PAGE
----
Attitudes and intentions towards mental health assistance by New Zealand's baby boomers : a thesis presented in partial fulfilment of the requirements for the degree of Master of Arts in Psychology at Massey University, Albany, New Zealand

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Little information exists regarding baby boomers‘ attitudes and intentions towards mental health help-seeking. This is surprising considering this generation, known for its size and living through the most influential period of social change in history, is associated with increased rates of certain mental health disorders. As this cohort age over 65, information about intentions or attitudes towards help-seeking for increasingly common disorders in older age (depression, anxiety, the dementias and substance abuse) is crucial. This research examined this subject by: investigating any intention or attitude differences relating to age; examining intention towards professional and preventive help for the four mental health concerns outlined above; and determining the association between and contribution of relevant variables towards the baby boomers‘ stated help-seeking intentions within the framework of a social cognitive model of help-seeking: the Theory of Planned Behaviour (TPB). Participants were a convenience sample of 256 New Zealand baby boomers (aged 49-69), who completed an anonymous, self-report questionnaire measuring demographic variables, intention towards professional and preventive help for four disorders, attitudes towards help-seeking, emotional distress and a previous professional help rating. Attitudes towards seeking psychological help and intentions towards seeking professional and preventive help showed no significant differences with relation to age. The cohort were generally positive about seeking both preventive and professional help, and attitude towards seeking help for mental health problems was also positive. Intention towards professional help was higher for depression and substance abuse than for anxiety and forgetfulness (the dementias). For preventive help, intentions were uniformly high across all four disorders. Within the TPB model, support was achieved for the TPB variables Psychological Openness (PO) and to an extent Perceived Behavioural Control (PBC) as significant predictors of professional help-seeking behaviour and their contribution in explaining help-seeking behaviour in this cohort. PO and PBC associated significantly with professional and preventive intent across most disorders investigated. The implications of these findings and directions for future research are discussed.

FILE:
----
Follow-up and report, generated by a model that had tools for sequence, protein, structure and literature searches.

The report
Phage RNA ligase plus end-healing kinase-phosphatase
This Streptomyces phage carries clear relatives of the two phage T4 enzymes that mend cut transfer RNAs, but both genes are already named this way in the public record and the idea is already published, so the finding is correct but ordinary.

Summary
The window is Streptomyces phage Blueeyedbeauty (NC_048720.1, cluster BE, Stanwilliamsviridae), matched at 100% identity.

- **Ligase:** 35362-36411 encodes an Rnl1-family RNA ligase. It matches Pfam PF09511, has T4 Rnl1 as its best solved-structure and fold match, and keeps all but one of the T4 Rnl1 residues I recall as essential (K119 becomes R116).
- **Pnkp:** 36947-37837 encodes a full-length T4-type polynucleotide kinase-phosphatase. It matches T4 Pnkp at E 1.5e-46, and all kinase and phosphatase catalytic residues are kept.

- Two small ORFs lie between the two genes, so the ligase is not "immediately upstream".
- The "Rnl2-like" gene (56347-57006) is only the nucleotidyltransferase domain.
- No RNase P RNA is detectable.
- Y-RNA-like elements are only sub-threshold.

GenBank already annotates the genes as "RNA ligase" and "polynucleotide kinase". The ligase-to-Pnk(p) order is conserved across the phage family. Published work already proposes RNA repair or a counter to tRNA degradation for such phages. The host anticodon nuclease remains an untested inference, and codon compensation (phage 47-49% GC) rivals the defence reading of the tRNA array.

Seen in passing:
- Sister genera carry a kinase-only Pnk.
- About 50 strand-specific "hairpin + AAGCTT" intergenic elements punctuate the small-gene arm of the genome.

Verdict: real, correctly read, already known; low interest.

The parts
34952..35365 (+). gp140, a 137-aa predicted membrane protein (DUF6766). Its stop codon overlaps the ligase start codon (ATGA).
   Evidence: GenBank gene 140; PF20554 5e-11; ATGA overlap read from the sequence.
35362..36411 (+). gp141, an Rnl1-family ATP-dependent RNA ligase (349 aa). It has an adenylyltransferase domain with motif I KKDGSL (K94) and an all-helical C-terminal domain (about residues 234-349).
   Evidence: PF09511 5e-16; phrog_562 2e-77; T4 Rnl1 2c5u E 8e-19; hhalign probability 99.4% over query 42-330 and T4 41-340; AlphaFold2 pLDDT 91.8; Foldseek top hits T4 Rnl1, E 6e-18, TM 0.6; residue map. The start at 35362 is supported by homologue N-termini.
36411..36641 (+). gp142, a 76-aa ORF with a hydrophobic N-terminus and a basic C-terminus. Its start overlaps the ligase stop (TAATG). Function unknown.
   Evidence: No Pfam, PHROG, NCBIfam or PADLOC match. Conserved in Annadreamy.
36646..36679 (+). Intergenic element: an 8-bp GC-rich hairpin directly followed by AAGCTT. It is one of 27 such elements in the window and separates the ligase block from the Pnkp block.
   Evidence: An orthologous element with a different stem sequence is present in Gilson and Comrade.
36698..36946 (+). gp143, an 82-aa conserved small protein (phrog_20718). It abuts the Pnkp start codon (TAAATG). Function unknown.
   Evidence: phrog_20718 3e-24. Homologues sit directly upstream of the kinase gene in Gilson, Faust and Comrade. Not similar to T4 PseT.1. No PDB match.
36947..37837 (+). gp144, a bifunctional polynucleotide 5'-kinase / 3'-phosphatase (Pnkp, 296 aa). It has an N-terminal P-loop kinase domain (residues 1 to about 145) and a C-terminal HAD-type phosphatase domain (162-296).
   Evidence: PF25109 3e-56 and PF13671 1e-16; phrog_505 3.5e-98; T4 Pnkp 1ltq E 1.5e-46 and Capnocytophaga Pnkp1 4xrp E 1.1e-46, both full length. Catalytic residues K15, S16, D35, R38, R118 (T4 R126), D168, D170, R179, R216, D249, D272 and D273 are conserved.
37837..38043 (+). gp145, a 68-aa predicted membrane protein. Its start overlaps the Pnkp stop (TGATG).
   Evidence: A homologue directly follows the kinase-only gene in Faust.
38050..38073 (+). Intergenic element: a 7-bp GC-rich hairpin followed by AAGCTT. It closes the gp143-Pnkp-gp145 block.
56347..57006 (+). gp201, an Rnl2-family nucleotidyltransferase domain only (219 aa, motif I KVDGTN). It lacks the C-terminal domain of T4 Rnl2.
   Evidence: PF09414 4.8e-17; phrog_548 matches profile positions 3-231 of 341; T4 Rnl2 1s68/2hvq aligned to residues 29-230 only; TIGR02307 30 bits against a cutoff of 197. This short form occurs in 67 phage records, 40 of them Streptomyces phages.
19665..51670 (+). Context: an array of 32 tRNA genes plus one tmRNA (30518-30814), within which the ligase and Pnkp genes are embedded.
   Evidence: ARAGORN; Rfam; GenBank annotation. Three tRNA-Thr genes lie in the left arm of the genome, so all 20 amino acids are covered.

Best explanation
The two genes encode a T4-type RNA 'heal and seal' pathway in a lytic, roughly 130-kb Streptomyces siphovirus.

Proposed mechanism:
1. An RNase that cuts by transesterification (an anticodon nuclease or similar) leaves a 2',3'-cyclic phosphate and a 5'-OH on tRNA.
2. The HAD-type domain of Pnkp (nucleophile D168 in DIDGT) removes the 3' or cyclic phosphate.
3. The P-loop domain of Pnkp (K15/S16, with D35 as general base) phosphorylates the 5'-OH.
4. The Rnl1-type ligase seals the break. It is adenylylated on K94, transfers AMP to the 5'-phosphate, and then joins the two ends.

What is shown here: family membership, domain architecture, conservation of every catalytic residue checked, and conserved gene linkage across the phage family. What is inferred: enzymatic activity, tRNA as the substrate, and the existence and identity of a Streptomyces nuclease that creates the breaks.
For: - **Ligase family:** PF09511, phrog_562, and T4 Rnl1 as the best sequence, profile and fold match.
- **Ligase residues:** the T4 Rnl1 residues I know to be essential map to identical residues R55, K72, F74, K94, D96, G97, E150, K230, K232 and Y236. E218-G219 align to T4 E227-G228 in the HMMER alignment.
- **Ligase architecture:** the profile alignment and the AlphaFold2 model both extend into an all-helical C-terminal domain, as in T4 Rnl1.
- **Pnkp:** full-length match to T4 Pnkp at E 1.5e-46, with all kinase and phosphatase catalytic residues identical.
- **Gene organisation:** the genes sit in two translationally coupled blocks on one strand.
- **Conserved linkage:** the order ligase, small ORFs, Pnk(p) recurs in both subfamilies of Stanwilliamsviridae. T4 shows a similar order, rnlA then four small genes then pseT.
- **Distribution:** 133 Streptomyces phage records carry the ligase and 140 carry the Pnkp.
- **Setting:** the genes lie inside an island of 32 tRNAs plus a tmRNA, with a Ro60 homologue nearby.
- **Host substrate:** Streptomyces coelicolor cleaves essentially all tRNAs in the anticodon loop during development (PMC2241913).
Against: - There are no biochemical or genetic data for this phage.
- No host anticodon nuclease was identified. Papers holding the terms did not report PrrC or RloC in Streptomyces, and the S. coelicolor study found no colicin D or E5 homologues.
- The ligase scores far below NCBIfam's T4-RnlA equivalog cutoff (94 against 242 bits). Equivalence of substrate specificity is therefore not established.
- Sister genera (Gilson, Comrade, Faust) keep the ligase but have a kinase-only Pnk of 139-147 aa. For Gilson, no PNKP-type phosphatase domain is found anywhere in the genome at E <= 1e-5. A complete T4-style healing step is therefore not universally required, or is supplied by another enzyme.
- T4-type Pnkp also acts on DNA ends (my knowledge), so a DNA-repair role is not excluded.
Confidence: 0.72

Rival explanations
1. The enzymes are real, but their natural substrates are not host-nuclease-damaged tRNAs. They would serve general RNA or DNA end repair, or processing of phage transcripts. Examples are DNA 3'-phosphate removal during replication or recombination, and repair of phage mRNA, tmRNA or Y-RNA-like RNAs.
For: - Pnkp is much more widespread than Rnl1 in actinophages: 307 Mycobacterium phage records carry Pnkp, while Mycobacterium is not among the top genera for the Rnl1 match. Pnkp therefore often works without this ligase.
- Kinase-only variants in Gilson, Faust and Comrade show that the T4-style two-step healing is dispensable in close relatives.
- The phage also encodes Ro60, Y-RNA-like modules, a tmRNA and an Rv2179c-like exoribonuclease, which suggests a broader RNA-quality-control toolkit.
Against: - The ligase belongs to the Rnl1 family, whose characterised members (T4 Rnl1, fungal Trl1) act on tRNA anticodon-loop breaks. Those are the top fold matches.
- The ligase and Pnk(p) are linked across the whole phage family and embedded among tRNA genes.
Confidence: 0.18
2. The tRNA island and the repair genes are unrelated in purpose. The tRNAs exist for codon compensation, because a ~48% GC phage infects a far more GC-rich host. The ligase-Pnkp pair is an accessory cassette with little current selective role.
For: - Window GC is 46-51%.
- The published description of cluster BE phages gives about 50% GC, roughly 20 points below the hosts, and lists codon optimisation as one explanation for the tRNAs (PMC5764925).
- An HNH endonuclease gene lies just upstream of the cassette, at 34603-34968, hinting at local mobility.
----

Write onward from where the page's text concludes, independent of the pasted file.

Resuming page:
Baby-boomers, New Zealand, Middle-aged people, New Zealand, Older people, New Zealand, Baby-boomers' mental health, Mental health services